October: Kami-nashi-zuki

One of the old Japanese names for October is “kami-nashi-zuki” since it is the season to ferment newly harvested rice into sake, or, as is commonly explained, the gods (kami) are not available (nashi) because all of them got together for a conference at the Grand Shrine of Izumo.

While trimming my garden after summer vacation recently, I became acutely aware of a strong, sweet fragrance. I soon noticed the myriad, tiny orange flowers on the sweet osmanthus (kin mokusei) tree. This is but one of the heralds of October, a lovely month here in Kyoto. Nearby, bush clover (hagi) in pink and white blooms, extends in graceful arcs, swishing in the wind. In the Man’yoshu, Japan’s oldest poetry anthology, 141 verses are dedicated to bush clover (hagi) alone. It is one of the “seven flowers of Autumn” here in Japan, the others being: eulalia (susuki), kudzu (kuzu),pink (nadeshiko), yellow patrinia (ominaeshi), Japanese boneset (fujibakama) and Chinese bellflower (kikyo). Typically understated, the delicate forms and colours of the seven Autumn flowers make them popular motifs in a variety of crafts and looking for them in kimono and ceramic patterns is another pleasure of the season. Increased urbanization has made these flowers far less common than they once were, but still they evoke the feeling of early autumn. Walking in the Higashiyama hills we are more likely to see the “seven flowers” as well as chestnuts. In the words of the poet Tameie:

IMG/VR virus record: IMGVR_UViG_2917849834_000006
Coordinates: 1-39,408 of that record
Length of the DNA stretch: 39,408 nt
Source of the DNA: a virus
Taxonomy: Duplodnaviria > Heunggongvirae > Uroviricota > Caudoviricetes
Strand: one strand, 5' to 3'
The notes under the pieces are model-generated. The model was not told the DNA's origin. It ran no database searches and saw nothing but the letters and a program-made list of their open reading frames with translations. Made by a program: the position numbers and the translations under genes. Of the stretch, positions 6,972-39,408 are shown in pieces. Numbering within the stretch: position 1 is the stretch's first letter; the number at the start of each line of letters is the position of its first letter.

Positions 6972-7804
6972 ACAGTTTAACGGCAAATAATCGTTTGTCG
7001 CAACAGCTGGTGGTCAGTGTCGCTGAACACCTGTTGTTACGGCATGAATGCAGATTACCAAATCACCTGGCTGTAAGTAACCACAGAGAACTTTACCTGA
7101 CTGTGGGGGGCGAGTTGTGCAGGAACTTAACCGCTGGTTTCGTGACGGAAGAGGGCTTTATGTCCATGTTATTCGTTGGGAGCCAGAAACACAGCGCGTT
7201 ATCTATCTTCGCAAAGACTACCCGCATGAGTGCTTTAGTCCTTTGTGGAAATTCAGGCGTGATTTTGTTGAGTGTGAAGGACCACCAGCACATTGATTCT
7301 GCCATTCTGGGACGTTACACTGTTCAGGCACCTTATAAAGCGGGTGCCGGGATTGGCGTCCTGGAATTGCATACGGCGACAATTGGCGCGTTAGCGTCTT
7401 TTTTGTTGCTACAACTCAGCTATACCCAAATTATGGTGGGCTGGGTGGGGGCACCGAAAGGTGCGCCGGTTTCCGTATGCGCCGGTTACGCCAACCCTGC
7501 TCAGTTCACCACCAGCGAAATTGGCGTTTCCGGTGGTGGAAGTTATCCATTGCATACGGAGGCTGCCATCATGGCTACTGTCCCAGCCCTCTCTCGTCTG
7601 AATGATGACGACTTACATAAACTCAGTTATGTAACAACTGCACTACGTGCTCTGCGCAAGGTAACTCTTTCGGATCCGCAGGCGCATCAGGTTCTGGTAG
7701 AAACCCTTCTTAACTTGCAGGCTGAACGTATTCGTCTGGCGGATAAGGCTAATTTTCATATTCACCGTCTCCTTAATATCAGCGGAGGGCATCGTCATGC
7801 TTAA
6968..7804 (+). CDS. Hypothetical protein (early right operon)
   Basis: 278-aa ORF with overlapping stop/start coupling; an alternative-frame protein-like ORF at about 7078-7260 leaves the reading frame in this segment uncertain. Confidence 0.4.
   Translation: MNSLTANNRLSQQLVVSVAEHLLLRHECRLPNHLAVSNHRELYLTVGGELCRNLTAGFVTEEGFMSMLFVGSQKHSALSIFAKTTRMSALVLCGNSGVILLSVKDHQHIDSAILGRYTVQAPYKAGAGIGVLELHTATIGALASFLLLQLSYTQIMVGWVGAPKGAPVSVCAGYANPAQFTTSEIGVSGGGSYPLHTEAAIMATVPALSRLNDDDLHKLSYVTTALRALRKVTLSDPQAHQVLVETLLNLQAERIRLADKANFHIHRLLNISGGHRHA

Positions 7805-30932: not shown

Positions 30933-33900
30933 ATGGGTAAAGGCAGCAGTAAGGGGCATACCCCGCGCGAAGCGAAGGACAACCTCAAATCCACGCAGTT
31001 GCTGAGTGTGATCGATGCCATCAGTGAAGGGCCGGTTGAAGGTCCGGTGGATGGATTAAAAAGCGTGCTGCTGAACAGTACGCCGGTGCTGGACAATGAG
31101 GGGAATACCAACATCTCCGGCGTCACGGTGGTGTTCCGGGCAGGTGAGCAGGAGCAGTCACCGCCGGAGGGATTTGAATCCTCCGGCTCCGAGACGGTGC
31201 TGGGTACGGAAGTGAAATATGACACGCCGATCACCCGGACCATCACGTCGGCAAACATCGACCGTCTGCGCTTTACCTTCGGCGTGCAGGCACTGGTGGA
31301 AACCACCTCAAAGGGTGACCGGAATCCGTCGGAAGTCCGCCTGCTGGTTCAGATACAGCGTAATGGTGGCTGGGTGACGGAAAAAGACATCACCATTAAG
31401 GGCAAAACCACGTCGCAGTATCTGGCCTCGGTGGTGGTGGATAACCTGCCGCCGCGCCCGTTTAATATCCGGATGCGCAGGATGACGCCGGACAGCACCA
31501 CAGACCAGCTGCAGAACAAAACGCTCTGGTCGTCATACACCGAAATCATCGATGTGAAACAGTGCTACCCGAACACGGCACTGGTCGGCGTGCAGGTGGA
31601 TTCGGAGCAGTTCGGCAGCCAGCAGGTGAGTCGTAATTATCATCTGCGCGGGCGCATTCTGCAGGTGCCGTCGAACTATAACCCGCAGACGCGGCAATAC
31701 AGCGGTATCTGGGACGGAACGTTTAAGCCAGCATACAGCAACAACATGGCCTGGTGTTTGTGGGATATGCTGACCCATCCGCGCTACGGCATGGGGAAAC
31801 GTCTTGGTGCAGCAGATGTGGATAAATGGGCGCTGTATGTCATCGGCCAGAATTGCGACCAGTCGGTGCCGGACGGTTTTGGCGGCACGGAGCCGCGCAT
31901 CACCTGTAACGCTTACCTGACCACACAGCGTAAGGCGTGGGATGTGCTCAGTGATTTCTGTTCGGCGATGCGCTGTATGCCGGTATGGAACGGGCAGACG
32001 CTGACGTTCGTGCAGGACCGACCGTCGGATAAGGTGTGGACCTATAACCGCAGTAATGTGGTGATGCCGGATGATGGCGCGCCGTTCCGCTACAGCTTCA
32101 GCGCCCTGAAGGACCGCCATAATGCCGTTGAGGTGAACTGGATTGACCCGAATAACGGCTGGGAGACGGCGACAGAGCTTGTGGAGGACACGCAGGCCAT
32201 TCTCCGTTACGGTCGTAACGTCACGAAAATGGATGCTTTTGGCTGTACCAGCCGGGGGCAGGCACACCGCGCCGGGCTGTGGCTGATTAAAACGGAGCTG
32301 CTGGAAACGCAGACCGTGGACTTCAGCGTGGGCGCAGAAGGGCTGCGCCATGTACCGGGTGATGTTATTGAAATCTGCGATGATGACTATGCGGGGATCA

Yo no naka wa
aki ni nari-yuku
waka-guri no
emite suginan

“Another autumn! Young kuri just keep smiling even though they are astringent inside. This is no different from me.”

One thought on “October: Kami-nashi-zuki

  1. autumn is coming… leaves are already dropping and some beautiful colours including deep red are happening.

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